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Neotrop. entomol. vol.39 no.1 Londrina Jan./Feb. 2010
Eufriesea pulchra smith (Hymenoptera: Apidae: Euglossini): extended geographic distribution and filling gaps in Mato Grosso state, Brazil
Evandson J dos Anjos-Silva
Depto Biologia, UNEMAT Univ Estado de Mato Grosso, CP 242, Cáceres, MT, Brasil; firstname.lastname@example.org
This study was conducted in the Cotriguaçu district, situated on the bank of the Juruena River, in Mato Grosso state. The collects were carried out from August 22 to 25, 2007 with chemical baits to attract male orchid bees. The bees were captured on a daily basis, from 8 a.m. to 12 p.m. Of the 89 males captured three belonged to Eufriesea pulchra Smith. Before the present study, E.pulchra had been reported in the states of Pará, Amazonas, Amapá, (dubiously) São Paulo, and Maranhão. This occurrence extends its geographical distribution range by 900 to 2,000 km southwards in South America, as it is now recorded in the Amazon and Platina basins.
Key words: Apinae, orchid bee, Amazon forest
Euglossini is represented by a Neotropical tribe of small to large bees (8-31 mm) that occur from lowlands to tropical forests from southern Texas (USA) and northern Mexico to northern Argentina (Moure 1967, Dressler 1982). It comprises five genera, one of which is Eufriesea Cockerell (Cockerell 1908). The description of the genus Eufriesea was originally based only on a single species, E.pulchra Smith, described as Euglossa pulchra Smith (Smith 1854). The second species placed in this genus, E.lucifera Kimsey, was added 123 years after Smith's work (see Smith 1854, Kimsey 1977, Moure et al 2007), originally described as Euplusia lucifera Kimsey (Kimsey 1977).
Eufriesea pulchra belongs to the pulchra group, which is represented by only six species. The holotype is a female collected in the Tapajós River, in the state of Pará (Smith 1854). According to Kimsey's work (1982), E.pulchra occurs from Central (Costa Rica and Panama) to South America (Colombia, Venezuela, Trinidad Island, Peru and Brazil), and also at the Dawa Field Station, Republic of Guyana (Williams & Dodson 1972, Ackerman 1983, Dressler 1985, Pearson & Dressler 1985). This species was recently recorded in the central Pacific plain of Colombia, Chocó region (Otero & Sandino 2003), and also in the French Guiana and Ecuador (Dick et al 2004). In Brazil, several males were collected in the states of Pará (Ducke 1901, Kimsey 1982), Amazonas (Braga 1978, Kimsey 1982, Becker et al 1991, Oliveira 1999), Amapá (Kimsey 1982, Moure et al 2007), and more recently in Maranhão (Rebêlo 2001, Brito & Rêgo 2002). Nevertheless, Kimsey (1982) pointed out that this species was also recorded in southern Brazil, in São Paulo state (São Paulo city). But, curiously in the last 25 years no record has been catalogued between the Cerrado and Atlantic forest domains, after all E.pulchra was registered in Brazil only in the Amazon Basin (Ramírez et al 2002). As a matter of fact, Silveira et al (2002) and Moure et al (2007) have already included this dubious record in their books, which is incorrect. Various references to St. Paul or Sao Paolo refer to São Paulo de Olivença (e.g. Moure & Schlindwein 2002), actually an old village of descendants of 17th century Jesuit missionaries and established as a municipality in 1882, situated in the vicinity of the Alto Solimões River, near Tabatinga, Amazonia state, and not in São Paulo state, as erroneously indicated by Kimsey (1982). According to the current literature however, the unverified report that E.pulchra was recorded in São Paulo state (Kimsey 1982, Silveira et al 2002, Moure et al 2007) should be disregarded. Therefore, in the E.pulchra geographic distribution map a question mark is indicated at São Paulo city and the correct locations of the E.pulchra records in São Paulo de Olivença are included (Fig 1).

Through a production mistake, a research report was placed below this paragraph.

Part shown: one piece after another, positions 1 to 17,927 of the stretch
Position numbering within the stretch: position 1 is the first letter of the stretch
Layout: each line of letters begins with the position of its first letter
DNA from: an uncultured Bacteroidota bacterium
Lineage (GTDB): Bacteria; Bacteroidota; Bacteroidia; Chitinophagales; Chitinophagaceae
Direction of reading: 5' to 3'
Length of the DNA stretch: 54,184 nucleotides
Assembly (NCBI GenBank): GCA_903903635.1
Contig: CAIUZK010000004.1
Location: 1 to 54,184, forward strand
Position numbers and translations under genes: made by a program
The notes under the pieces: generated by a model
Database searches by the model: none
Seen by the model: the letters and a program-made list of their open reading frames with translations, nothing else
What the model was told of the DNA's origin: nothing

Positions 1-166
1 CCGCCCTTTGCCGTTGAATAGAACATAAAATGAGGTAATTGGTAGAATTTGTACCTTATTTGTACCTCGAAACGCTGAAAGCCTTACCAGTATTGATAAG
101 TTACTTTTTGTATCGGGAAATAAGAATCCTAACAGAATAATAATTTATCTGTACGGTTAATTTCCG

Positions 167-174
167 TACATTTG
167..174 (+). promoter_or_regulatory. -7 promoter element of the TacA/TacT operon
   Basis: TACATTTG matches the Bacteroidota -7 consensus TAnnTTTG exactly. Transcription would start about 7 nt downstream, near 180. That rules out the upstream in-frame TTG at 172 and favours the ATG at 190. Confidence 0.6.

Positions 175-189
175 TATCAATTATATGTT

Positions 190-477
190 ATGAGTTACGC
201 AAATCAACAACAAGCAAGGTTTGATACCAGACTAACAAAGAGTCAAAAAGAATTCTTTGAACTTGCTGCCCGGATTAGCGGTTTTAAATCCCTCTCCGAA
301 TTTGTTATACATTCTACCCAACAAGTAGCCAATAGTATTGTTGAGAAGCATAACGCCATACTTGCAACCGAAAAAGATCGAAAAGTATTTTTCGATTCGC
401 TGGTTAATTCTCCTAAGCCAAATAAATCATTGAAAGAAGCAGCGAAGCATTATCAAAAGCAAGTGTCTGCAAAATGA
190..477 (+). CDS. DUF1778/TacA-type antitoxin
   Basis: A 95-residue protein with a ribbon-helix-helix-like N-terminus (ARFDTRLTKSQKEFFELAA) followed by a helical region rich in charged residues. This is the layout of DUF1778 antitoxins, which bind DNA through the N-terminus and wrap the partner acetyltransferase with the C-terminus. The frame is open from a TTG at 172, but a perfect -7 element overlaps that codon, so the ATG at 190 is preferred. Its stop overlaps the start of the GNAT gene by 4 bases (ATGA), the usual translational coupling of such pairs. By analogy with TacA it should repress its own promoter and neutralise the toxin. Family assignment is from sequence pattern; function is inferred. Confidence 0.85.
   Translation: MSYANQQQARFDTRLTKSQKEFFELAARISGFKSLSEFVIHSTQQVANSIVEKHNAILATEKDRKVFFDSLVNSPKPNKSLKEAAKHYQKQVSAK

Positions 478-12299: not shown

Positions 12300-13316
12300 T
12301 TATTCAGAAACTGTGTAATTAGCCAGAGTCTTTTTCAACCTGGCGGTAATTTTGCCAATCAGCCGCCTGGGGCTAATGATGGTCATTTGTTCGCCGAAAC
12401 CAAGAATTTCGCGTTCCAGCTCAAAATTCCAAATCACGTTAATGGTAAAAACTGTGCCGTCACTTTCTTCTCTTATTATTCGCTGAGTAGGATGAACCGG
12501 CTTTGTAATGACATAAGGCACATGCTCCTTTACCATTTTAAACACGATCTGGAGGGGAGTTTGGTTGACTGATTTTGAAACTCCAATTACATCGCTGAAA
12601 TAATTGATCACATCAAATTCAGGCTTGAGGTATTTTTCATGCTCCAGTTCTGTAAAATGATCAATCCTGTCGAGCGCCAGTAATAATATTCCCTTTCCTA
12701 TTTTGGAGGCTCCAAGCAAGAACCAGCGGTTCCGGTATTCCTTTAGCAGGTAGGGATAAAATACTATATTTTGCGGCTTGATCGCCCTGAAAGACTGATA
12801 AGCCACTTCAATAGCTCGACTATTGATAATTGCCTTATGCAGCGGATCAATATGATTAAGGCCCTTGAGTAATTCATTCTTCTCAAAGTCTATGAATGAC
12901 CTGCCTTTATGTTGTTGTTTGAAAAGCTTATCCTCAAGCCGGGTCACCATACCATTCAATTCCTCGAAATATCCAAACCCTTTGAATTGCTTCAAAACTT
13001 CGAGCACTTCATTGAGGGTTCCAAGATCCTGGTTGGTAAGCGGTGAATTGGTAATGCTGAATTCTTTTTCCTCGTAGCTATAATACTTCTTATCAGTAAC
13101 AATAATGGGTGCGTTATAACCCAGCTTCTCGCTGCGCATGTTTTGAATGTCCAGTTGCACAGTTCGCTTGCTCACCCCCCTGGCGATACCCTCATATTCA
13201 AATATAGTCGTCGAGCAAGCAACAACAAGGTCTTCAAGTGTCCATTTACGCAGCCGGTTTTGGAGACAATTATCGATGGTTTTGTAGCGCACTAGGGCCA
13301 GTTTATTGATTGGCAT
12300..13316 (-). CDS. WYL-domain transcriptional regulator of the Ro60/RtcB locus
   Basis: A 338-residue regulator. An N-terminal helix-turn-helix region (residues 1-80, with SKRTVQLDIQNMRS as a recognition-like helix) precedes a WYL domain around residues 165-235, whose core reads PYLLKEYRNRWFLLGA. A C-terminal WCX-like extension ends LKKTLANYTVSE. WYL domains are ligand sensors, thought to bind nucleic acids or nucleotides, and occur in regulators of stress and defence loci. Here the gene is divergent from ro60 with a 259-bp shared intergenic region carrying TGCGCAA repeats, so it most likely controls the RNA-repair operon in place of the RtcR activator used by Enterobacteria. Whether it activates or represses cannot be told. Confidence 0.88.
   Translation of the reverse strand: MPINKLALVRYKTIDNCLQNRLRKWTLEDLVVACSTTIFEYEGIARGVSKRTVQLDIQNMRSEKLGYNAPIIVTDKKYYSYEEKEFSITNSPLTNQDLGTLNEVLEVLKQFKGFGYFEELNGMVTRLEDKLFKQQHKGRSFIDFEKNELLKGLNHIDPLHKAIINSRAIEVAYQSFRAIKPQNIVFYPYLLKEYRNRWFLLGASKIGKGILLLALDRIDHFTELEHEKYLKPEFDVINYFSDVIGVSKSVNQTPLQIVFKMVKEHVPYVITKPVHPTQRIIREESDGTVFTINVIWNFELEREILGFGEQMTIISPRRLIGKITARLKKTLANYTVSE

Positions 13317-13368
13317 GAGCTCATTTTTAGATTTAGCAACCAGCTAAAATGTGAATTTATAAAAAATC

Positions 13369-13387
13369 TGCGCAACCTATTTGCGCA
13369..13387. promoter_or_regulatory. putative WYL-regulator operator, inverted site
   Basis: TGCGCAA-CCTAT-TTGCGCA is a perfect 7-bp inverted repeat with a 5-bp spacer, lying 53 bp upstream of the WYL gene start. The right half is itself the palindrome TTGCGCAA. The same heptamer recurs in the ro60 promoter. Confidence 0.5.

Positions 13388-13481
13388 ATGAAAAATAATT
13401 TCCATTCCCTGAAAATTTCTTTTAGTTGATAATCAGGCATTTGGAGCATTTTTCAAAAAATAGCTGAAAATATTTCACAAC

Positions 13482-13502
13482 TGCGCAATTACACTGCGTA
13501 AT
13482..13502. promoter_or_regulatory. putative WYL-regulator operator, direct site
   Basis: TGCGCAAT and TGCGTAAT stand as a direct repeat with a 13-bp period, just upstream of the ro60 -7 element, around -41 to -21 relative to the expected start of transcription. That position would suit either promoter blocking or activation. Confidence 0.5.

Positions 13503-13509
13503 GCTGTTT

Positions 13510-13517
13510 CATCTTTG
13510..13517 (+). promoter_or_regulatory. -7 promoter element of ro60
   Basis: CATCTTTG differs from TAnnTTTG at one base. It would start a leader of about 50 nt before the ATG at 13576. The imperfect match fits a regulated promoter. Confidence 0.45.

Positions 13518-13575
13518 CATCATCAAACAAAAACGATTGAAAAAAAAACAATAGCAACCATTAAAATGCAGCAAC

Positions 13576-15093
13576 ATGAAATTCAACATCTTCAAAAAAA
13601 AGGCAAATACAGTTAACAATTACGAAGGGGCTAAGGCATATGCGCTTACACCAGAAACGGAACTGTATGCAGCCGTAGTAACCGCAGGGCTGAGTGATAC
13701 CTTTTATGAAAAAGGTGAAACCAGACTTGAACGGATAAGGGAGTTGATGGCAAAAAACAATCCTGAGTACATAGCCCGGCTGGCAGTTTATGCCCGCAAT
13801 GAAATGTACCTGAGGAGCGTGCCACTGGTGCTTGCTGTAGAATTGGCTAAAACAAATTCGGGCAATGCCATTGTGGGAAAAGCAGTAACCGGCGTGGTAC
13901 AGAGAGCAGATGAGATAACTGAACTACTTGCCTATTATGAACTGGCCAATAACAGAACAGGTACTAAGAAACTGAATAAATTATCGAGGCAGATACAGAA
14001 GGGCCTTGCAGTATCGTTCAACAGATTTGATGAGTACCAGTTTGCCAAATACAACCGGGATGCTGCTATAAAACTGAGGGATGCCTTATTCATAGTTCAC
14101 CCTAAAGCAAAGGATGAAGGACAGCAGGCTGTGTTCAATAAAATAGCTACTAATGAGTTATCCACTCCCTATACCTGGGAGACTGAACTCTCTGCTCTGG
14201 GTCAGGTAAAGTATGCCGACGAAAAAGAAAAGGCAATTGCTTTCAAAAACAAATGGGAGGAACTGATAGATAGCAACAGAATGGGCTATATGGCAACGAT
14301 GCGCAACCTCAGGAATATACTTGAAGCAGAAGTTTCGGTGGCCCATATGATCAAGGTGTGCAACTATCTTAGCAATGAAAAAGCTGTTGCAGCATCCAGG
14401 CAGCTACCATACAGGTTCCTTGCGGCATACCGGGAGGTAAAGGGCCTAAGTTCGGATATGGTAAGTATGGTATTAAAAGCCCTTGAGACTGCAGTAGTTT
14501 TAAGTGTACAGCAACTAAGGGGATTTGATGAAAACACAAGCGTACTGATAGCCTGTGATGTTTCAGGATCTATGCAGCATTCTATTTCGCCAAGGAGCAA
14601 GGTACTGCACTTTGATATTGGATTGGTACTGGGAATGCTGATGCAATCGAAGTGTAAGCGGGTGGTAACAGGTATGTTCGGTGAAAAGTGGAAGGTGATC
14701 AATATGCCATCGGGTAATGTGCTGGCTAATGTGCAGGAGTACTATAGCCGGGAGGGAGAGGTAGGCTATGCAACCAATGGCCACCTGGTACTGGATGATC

In this study, I record the occurrence of E.pulchra in the Amazon forest of Mato Grosso state, Brazil, for the first time. This paper also reports the first occurrence of the species in a savanna-like area, located in the Chapada dos Guimarães National Park. Samplings were carried out in São Nicolau Farm, located at Cotriguaçu district (09Â°52'24"S, 58Â°13'17"N), distant approximately 1,000 km northwest of the state capital Cuiabá, situated on the left bank of the Juruena River, in northern Mato Grosso state. The farm, owned by the Office National des Forêts - ONF Peugeot-Citröen Group, is characterized by smooth wavy reliefs with elevated hills at the sources of springs.
The study area lies within the Amazônia Legal (Legal Amazon) region and presents a hot and humid tropical climate, with an average annual temperature of 24Â°C, average relative humidity of 80%, and average annual rainfall of 2,300 mm. The typical kinds of vegetation are open forest and dense ombrophilous forest (Veloso et al 1991), with yellow red Argissolo. The Fazenda São Nicolau covers a total area of 10,134.43 ha, 80% (8,107.54 ha) of which is a legally protected area, including 6,932.72 ha of protected forests, 957.71 ha of Permanently Protected Areas (APP) and finally 5,975.01 ha of conservation management areas.